People were created to be loved. Things were created to be used. The reason why the world is in chaos is because things are being loved and people are being used.
I have a friend. Let’s call him John.
I’m not sure if friend is actually the best word for our relationship, but it is the word I choose to use—not just in this post, but in life as well.
You see, John doesn’t return very many of my phone calls. He doesn’t reply to my voicemail messages. And he doesn’t answer very many of my texts.
But every few months, my phone will ring and John will be on the other end. Always out of blue. Usually in the evening.
He will apologize for being gone so long. He will assure me he is in a better place now. And he will ask if we can get together again for coffee or lunch. If at all possible, I agree.
John’s life has not been easy. He has told me repeatedly of the abandonment, the drugs, the alcohol, and the homeless nights that define his past. He speaks of his indiscretion freely. It is as much a part of his story as the home he grew up in.
Every time we get together, he recounts what has happened in his life. He will tell me about his desire to get back on the right track and the recovery meetings he has been attending. I will assure him there are people cheering for him. And I will offer to help in any way that I can. “Maybe we can get together again next week,” will usually be the last thing I say to him…until I hear from him again in a few months.
If I were to be honest, I’m not sure I get much out of my relationship with John. He doesn’t offer me any life advice. He doesn’t have a job or lifeskill that I learn from. He certainly doesn’t have any friends in high places who can help me get ahead. I think he cares about me as a person. But if he does, he has a funny way of showing it.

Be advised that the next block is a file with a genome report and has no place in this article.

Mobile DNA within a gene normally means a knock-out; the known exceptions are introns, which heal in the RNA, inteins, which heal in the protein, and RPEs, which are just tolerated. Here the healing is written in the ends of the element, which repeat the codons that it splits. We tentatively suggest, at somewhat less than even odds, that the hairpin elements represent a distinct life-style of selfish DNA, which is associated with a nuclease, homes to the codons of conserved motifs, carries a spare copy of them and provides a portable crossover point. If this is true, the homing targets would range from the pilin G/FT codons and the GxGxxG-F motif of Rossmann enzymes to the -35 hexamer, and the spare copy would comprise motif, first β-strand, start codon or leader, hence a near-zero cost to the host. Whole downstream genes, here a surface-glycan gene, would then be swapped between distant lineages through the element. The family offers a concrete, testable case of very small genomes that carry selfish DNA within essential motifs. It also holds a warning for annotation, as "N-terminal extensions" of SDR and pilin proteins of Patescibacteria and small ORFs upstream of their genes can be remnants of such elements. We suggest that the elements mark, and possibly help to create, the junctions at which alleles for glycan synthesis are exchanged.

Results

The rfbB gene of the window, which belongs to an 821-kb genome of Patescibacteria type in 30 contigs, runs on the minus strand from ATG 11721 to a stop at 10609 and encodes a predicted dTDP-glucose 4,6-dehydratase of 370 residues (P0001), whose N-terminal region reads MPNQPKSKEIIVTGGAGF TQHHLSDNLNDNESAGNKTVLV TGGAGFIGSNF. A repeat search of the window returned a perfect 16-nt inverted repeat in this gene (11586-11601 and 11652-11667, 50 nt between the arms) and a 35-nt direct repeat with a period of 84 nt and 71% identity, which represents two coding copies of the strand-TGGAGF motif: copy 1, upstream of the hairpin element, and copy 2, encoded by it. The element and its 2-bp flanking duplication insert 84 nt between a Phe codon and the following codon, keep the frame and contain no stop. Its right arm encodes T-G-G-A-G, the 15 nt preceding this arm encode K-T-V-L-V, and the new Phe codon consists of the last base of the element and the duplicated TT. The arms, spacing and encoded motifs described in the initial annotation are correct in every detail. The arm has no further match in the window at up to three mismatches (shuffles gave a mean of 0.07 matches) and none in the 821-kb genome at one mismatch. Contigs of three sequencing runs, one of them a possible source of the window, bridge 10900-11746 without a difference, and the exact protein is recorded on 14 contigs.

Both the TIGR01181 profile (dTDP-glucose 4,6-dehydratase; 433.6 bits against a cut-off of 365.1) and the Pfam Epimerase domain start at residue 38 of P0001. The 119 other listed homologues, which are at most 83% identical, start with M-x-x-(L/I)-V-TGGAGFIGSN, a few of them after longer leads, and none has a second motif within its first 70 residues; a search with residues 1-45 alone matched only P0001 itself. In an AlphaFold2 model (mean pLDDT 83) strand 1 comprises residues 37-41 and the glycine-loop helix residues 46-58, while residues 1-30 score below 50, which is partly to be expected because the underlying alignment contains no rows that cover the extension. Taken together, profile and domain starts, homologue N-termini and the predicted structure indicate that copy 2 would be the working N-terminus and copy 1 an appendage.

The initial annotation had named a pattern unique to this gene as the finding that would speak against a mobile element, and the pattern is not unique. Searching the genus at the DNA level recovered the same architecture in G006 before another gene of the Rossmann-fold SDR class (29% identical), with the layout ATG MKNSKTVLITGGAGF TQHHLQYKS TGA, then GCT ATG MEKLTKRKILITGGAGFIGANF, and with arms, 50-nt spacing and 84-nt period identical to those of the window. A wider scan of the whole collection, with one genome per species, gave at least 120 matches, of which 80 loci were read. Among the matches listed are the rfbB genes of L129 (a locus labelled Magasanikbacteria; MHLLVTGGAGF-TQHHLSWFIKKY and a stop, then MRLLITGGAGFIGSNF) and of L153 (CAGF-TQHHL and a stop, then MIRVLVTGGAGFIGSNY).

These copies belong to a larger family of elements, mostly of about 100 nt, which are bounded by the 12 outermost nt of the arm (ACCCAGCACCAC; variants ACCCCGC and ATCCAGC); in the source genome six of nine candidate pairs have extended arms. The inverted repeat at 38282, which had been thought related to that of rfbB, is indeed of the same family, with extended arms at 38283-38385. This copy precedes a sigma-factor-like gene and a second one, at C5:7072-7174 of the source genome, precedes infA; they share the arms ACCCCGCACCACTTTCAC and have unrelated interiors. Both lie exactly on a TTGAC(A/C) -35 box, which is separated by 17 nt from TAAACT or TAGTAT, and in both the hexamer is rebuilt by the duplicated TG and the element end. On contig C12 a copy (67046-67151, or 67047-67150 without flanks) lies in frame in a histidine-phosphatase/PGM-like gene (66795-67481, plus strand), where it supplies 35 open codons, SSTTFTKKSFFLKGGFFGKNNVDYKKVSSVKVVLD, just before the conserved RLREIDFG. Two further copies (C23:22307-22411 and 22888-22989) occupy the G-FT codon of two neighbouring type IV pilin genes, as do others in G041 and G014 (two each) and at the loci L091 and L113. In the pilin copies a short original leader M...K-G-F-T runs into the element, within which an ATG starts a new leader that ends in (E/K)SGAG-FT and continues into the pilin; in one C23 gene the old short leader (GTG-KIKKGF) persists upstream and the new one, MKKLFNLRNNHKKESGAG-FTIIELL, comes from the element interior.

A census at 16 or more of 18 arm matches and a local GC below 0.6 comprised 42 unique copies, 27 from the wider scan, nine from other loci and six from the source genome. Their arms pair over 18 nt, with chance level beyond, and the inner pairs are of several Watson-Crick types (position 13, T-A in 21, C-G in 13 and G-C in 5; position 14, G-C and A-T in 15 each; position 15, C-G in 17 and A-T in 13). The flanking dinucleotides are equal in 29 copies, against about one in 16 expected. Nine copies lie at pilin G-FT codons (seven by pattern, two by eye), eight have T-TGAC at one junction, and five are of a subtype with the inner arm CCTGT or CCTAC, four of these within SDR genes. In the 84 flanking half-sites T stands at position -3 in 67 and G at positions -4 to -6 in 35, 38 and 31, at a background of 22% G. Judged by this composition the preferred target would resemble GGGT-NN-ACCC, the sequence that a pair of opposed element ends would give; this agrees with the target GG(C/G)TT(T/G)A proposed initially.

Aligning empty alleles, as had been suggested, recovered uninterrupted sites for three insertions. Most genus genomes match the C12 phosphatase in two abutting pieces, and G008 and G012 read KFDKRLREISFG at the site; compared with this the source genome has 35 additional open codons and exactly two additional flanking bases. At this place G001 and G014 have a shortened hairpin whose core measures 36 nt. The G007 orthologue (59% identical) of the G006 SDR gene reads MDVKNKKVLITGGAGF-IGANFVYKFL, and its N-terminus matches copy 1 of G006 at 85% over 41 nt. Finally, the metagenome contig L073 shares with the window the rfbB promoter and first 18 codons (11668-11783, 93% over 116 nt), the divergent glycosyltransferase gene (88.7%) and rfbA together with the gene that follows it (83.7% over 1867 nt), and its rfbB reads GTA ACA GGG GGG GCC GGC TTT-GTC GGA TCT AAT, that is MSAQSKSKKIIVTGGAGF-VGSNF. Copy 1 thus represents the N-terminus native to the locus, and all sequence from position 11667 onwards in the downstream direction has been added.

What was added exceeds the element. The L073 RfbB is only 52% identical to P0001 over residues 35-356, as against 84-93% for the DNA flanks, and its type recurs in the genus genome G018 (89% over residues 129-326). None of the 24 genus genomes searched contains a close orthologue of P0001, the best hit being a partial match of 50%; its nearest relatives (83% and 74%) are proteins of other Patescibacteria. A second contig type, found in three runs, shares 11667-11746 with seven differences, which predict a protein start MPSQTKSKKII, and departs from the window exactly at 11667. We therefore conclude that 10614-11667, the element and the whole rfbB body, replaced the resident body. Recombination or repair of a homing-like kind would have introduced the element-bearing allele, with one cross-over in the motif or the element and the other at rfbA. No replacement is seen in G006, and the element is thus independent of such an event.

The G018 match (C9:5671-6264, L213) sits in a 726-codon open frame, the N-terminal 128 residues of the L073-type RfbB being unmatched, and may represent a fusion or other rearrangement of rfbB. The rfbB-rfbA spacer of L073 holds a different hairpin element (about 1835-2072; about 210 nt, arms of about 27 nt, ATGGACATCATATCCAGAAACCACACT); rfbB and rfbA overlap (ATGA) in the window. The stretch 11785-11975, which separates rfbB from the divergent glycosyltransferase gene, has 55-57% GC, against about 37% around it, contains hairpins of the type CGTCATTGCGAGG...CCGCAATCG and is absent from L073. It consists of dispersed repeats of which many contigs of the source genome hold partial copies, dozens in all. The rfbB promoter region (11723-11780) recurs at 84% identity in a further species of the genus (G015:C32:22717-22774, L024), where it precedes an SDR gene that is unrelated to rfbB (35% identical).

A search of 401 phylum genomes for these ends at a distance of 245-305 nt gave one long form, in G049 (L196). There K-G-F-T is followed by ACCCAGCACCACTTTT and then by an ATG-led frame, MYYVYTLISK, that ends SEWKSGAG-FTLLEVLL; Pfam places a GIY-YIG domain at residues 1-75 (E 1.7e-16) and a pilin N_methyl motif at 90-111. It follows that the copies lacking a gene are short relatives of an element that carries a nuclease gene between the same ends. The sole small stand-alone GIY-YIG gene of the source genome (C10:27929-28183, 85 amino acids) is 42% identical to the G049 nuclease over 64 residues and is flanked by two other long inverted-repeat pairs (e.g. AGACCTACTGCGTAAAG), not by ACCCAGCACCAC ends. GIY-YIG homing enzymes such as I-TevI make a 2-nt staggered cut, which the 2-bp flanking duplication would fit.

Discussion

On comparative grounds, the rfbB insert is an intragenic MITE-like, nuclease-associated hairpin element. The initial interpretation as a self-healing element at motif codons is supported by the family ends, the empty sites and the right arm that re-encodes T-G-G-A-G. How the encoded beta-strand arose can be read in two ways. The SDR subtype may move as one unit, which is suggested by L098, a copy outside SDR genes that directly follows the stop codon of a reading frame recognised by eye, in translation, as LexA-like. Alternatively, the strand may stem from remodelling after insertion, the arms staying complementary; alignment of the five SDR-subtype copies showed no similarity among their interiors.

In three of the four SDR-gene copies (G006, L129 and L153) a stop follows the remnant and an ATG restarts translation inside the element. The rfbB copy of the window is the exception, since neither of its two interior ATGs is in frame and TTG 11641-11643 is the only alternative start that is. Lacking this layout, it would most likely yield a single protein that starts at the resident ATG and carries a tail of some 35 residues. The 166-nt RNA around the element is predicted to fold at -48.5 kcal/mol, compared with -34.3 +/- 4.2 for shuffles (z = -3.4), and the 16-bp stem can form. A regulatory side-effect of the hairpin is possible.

The one thing that he does offer is a consistent opportunity for me to love. Not a love that expects something in return, but a pure, unselfish love. One that requires patience and grace and commitment. You know—real love.
John needs me. And that is reason enough for me to keep him in my life.
There is an unhealthy inclination in our world to remove people from our lives who no longer serve us.
Our closets are full, but our hearts are empty.
When we decided to become minimalist, we did so because we knew our lives would improve if we removed the excess physical stuff from our home and life. They had become burdensome to us.
But it would be a foolish choice to automatically apply the exact same filter to our relationships. People always deserve more patience and sacrifice than physical possessions.
Do we need to find the strength to separate ourselves from abusive relationships? Yes, absolutely.
Are there some people that we need to be intentional about establishing boundaries with? Yes, of course.
But the path to better living is not found in turning our back on those who need us the most. The path to better living is found in developing the compassion and the space to love even those who don’t deserve it.
Choosing to invest in only the relationships that benefit me isn’t love, it’s selfish.